We worked east of the plans shown here and laid the groundwork for the next season of digging. Along the way we found some great artifacts and ran into some perplexing mysteries, as in the case when Jason and crew arrived one morning to find a mystery mound (Jason is in camouflage with the brown military t-shirt):
But the intrigue was temporary. Joe C., skilled in fauna, easily identified the mound as being created by the Israeli Wookalar. We never saw one of the Wookalars, but, from time to time, we did see the shadow of their work when dirt came percolating to the surface; the little critters were doing their own excavations below the ground.
The phenomena of animals (moles, snakes, etc.) burrowing on an archaeological site is quite ordinary. We often find small fresh mounds of dirt in the mornings, and in my own area we excavated where burrows ran deep. In one of those little animal caves we discovered scraps of modern material used for nesting. At first it was confusing to find bits of plastic in what we knew to be an Iron Age horizon. Yet the scraps of plastic came with all kinds of other nesting material, and we were able to reason that it was animal bedding. Because of natural forces — plants, animals, water, settling, quakes, etc. — archaeological material can get transfered between archaeological levels. But when we find such transfers, we also find evidence. Some other clues used in our accounting for the misplaced plastic included loosely packed soil and a highly aerated matrix, both being conducive to the root systems and animal tunneling we found. Aerated and loose soil is the path of least resistance for tunneling critters and sprawling plants.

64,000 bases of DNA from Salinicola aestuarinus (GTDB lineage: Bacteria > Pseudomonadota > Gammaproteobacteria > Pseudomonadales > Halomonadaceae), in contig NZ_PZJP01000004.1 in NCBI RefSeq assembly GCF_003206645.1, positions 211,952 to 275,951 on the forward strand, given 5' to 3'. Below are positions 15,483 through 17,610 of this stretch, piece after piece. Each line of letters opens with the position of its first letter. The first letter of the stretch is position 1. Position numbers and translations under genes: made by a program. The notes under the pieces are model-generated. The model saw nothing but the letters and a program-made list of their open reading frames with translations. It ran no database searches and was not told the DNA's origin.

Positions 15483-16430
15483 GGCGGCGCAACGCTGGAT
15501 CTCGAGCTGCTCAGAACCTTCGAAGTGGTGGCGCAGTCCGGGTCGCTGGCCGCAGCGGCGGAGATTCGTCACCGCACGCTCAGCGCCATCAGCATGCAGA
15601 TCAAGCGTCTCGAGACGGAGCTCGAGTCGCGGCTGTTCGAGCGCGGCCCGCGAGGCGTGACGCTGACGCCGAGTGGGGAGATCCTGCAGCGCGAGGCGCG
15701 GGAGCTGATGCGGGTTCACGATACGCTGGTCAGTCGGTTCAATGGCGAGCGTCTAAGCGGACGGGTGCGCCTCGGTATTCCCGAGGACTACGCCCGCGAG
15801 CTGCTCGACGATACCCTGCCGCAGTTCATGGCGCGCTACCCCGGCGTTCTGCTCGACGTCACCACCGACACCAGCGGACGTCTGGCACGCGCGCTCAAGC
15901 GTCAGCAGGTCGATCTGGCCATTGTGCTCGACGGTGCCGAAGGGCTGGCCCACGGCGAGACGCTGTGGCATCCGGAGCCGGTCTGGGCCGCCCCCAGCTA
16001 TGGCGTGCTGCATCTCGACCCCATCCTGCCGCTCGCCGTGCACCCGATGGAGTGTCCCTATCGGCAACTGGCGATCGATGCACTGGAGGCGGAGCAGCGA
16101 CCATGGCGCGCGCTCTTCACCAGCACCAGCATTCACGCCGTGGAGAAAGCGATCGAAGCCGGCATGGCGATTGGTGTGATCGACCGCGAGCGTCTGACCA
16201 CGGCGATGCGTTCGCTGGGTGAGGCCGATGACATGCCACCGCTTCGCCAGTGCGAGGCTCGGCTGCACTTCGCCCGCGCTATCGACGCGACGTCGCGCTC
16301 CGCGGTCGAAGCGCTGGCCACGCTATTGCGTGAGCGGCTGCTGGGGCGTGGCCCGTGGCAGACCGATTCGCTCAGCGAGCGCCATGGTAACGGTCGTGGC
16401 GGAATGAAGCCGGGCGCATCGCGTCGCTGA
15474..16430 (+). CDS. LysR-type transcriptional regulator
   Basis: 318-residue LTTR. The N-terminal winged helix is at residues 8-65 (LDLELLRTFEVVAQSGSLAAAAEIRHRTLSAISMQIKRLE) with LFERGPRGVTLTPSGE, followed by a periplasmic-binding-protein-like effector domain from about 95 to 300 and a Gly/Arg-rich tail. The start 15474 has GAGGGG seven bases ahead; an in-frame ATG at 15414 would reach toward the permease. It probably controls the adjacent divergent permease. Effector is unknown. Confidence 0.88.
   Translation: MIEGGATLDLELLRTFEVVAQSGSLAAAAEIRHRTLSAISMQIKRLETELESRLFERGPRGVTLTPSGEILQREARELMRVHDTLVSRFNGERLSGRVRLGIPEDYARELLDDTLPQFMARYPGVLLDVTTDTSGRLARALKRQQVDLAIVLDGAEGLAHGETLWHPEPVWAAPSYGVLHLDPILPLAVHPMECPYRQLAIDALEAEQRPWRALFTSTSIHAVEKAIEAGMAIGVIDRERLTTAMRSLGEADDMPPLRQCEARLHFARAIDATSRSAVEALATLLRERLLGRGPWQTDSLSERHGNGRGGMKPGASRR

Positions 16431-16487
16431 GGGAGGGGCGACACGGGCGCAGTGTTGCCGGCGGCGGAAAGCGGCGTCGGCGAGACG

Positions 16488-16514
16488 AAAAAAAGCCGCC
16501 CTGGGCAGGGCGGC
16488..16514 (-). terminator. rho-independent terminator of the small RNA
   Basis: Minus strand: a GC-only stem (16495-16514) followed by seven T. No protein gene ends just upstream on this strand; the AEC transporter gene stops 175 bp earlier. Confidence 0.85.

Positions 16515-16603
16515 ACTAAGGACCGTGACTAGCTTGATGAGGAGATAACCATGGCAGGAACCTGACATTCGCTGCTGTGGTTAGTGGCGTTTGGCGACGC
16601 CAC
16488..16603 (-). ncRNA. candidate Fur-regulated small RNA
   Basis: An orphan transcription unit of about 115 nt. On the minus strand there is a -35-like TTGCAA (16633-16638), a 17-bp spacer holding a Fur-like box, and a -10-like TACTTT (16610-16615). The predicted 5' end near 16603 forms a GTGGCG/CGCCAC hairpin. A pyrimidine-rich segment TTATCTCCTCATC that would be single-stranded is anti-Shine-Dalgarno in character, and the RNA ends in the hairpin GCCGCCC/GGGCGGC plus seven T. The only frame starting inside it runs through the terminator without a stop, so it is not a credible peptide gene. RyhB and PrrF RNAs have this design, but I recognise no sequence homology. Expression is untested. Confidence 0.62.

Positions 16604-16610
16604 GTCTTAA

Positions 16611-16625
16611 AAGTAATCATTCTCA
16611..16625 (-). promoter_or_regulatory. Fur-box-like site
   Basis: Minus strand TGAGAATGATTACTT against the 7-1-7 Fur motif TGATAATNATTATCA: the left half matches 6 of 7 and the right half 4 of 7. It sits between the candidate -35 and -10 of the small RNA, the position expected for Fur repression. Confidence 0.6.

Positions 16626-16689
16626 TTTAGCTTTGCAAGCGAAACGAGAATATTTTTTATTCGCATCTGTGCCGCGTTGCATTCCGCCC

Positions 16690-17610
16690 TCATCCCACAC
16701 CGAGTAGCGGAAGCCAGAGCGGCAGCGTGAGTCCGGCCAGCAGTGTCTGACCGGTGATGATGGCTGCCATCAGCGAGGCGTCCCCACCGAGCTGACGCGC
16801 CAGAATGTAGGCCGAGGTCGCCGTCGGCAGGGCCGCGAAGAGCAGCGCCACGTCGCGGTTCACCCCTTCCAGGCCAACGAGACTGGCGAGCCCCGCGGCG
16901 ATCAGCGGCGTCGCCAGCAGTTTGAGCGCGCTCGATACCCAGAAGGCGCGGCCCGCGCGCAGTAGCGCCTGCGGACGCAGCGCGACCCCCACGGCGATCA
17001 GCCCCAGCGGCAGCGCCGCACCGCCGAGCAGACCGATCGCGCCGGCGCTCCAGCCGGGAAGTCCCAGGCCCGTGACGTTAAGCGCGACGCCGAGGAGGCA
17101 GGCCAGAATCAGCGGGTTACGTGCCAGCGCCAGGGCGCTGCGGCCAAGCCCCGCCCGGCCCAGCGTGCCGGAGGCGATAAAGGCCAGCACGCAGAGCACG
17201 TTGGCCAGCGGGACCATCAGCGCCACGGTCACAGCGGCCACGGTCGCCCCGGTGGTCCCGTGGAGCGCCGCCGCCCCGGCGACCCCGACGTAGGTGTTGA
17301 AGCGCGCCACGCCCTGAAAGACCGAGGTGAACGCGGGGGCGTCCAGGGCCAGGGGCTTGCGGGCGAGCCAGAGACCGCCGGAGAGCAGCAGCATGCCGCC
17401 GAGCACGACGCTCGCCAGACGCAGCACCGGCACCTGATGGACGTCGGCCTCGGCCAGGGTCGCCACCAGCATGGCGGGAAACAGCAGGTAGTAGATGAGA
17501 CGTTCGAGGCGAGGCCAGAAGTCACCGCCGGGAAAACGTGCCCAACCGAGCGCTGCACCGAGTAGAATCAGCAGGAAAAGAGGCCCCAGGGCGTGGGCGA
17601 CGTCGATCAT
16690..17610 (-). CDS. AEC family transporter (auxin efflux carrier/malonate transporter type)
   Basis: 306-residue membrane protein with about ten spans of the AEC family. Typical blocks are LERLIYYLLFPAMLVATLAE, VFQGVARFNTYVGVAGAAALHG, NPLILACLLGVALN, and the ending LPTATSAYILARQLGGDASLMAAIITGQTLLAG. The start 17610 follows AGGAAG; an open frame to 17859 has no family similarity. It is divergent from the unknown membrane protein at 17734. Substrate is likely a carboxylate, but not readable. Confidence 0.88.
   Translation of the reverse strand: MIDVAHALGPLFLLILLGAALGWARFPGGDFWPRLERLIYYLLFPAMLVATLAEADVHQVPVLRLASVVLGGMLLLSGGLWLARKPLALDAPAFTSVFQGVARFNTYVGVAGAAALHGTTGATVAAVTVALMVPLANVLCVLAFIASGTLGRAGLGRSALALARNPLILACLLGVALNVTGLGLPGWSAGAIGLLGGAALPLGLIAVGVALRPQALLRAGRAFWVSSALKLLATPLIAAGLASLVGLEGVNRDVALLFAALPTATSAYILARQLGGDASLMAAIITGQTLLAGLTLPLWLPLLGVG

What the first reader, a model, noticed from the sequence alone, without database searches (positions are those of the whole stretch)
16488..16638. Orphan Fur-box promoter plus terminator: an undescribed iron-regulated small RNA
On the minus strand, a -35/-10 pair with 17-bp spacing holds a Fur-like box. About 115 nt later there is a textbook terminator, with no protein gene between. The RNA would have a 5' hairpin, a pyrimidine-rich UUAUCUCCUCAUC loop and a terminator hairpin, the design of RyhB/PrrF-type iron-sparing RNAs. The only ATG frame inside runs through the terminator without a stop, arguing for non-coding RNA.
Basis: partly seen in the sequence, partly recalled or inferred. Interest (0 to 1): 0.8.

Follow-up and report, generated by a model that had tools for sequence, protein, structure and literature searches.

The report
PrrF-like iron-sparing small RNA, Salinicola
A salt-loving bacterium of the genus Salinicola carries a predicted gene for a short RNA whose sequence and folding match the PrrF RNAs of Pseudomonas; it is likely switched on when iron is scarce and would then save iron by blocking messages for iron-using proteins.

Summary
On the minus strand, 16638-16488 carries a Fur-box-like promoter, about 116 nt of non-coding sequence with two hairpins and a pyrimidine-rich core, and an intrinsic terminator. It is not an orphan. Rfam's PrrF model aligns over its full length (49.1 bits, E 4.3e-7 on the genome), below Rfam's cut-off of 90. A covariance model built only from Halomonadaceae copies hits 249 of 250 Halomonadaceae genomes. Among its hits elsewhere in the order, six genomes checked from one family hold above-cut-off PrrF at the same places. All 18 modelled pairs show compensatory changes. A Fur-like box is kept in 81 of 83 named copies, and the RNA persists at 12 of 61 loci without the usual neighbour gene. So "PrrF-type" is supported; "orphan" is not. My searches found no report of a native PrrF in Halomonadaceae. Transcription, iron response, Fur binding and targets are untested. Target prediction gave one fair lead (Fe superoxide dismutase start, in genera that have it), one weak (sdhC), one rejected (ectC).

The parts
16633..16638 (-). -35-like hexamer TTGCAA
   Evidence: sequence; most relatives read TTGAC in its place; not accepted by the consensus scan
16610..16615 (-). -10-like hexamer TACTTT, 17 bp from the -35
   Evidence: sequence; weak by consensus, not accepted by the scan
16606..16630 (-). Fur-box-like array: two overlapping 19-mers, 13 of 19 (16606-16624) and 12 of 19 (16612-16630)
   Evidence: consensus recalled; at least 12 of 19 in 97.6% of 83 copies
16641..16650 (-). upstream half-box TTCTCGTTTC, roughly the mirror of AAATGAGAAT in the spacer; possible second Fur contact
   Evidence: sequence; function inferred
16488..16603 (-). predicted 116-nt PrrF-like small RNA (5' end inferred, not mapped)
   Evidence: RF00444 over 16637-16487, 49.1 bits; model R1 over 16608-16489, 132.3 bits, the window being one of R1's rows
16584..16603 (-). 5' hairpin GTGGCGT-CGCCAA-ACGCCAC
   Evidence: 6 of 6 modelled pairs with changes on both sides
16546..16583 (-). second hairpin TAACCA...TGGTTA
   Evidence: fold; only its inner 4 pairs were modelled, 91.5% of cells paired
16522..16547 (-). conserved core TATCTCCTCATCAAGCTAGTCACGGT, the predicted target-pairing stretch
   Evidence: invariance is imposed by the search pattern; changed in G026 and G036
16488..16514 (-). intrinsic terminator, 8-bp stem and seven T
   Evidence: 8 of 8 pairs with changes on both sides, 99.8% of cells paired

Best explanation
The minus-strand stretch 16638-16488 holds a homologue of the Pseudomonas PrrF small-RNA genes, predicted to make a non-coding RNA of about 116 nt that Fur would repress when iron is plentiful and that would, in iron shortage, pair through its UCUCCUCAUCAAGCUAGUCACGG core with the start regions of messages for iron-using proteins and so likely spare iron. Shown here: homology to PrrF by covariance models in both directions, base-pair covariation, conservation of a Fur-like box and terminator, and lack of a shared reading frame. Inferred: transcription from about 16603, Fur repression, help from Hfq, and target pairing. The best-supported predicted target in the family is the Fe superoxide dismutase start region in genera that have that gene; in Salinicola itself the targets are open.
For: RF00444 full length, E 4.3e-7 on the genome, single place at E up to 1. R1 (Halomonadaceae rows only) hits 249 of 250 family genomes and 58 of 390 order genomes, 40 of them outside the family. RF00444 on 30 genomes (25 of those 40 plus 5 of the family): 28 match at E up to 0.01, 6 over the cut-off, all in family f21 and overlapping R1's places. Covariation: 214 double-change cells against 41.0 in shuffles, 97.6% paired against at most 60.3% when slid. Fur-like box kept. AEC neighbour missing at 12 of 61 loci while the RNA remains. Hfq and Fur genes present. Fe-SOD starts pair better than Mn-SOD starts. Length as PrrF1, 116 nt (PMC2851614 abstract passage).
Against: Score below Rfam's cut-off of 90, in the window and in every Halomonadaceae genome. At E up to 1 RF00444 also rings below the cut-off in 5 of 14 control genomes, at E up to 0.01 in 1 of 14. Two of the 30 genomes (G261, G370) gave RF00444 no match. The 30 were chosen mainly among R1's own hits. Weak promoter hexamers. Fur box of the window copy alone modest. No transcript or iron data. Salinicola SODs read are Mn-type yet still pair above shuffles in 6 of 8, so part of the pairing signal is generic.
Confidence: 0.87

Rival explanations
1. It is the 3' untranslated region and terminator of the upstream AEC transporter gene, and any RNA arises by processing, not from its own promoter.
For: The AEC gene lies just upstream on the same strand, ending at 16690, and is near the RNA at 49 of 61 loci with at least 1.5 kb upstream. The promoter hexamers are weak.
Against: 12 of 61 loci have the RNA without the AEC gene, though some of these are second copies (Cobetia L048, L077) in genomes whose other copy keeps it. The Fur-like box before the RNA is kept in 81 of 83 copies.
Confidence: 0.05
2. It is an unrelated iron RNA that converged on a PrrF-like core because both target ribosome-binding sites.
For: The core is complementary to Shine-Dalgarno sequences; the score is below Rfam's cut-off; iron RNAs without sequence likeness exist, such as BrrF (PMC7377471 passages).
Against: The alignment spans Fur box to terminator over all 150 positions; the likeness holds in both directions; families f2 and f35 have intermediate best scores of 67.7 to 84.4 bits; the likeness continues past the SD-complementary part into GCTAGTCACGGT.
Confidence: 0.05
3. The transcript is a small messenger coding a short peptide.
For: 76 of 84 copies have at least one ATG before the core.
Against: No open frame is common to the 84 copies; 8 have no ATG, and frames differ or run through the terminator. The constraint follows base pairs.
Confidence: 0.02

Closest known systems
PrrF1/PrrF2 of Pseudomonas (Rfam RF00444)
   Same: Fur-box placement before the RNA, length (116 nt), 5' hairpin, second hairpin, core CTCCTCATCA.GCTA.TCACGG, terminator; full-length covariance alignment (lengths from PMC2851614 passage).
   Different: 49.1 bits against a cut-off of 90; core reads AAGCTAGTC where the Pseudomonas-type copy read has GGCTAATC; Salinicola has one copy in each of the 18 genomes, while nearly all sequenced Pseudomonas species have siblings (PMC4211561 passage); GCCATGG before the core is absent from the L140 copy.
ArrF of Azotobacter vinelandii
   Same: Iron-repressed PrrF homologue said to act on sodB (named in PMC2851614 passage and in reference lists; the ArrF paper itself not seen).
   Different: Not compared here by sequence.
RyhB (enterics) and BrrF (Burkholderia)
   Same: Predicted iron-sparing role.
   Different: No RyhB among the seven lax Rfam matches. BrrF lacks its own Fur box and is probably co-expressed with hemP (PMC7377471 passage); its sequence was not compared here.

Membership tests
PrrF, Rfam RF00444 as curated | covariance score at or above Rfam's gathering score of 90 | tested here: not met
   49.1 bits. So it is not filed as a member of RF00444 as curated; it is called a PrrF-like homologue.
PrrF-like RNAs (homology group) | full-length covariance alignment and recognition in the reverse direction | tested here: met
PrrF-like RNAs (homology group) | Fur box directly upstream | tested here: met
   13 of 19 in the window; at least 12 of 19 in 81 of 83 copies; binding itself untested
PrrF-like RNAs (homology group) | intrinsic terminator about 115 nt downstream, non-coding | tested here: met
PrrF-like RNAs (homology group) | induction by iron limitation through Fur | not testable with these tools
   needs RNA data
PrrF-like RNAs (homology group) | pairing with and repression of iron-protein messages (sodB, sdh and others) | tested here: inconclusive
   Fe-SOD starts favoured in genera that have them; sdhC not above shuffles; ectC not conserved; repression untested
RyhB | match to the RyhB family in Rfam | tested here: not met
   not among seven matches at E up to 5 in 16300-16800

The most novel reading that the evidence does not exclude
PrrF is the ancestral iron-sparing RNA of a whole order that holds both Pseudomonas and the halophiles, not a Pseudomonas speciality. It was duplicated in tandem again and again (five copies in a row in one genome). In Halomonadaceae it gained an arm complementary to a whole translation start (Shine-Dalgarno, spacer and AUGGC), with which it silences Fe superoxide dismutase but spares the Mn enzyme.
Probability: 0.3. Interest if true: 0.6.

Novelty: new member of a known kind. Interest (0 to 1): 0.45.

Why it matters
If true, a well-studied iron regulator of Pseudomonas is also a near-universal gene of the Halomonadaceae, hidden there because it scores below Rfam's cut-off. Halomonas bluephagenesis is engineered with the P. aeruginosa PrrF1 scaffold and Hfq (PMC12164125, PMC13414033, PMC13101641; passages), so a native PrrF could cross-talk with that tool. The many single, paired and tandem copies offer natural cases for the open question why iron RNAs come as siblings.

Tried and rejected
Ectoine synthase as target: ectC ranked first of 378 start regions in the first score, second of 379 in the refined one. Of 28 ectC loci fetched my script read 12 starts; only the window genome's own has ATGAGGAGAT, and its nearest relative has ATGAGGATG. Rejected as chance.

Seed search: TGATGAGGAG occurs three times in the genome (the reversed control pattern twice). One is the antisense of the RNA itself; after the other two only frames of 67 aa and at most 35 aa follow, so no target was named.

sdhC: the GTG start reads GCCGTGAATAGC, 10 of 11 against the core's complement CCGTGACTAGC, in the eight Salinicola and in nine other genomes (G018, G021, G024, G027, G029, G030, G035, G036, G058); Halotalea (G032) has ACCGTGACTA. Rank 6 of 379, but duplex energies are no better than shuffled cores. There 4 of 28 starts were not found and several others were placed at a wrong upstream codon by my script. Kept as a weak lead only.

My web logs are necessarily brief in these last days of the season. I will be posting more updates once I get back from the site with my drawings completed. My drawings are nothing to write home about, but one should give you a sense of the kind of paperwork we must include in our field notebooks (stick figures are not normally included, I added it to give you a sense of scale):
An accurate balk drawing takes about an hour to draw and an hour to annotate.
For the next day I will be primarily occupied with the supervisor notebook that I submit to my boss, Eliot. He takes all of the Field B supervisor notebooks — which include marked-up photos, top-plans, wall descriptions, field notes, phasing charts, pottery lists, artifact lists, final reports, etc. — and generates a final report of his own.
Steve and Sam take Eliot’s final report — and Gary’s from Field A — and they generate a final report of their own. Gary’s Final Report from Field A, 2006, is on the web in PDF. This report is quite impressive. And posting this data on the web is a stunning and bold move. Sam and Steve are raising the bar on turn-around time from excavation to publication.
One of the scandals of archaeology is the lack of timely publication after excavation. Remember, archaeology is the systematic destruction of a city or area. Each turn of the spade is an irreversible removal of information from the historical record. Therefore, publishing is the ethical obligation of the Archaeologist. Archaeologists are stewards of human history, not owners of private endeavors. Sadly, however, there are sites that have been excavated in the 1970s and 1980s that have yet to publish (probably from the 1950s and earlier — and maybe I will locate a representative list). This is what one scholar, Edwin Yamauchi, has called a scandal. The Tel Gezer Project has addressed the scandal, in part, by immediately publishing a detailed field report from 2006. This move cannot be overlook or underestimated. Using the Internet in this way is logical and of inestimable value for Biblical and ancient Near Eastern studies.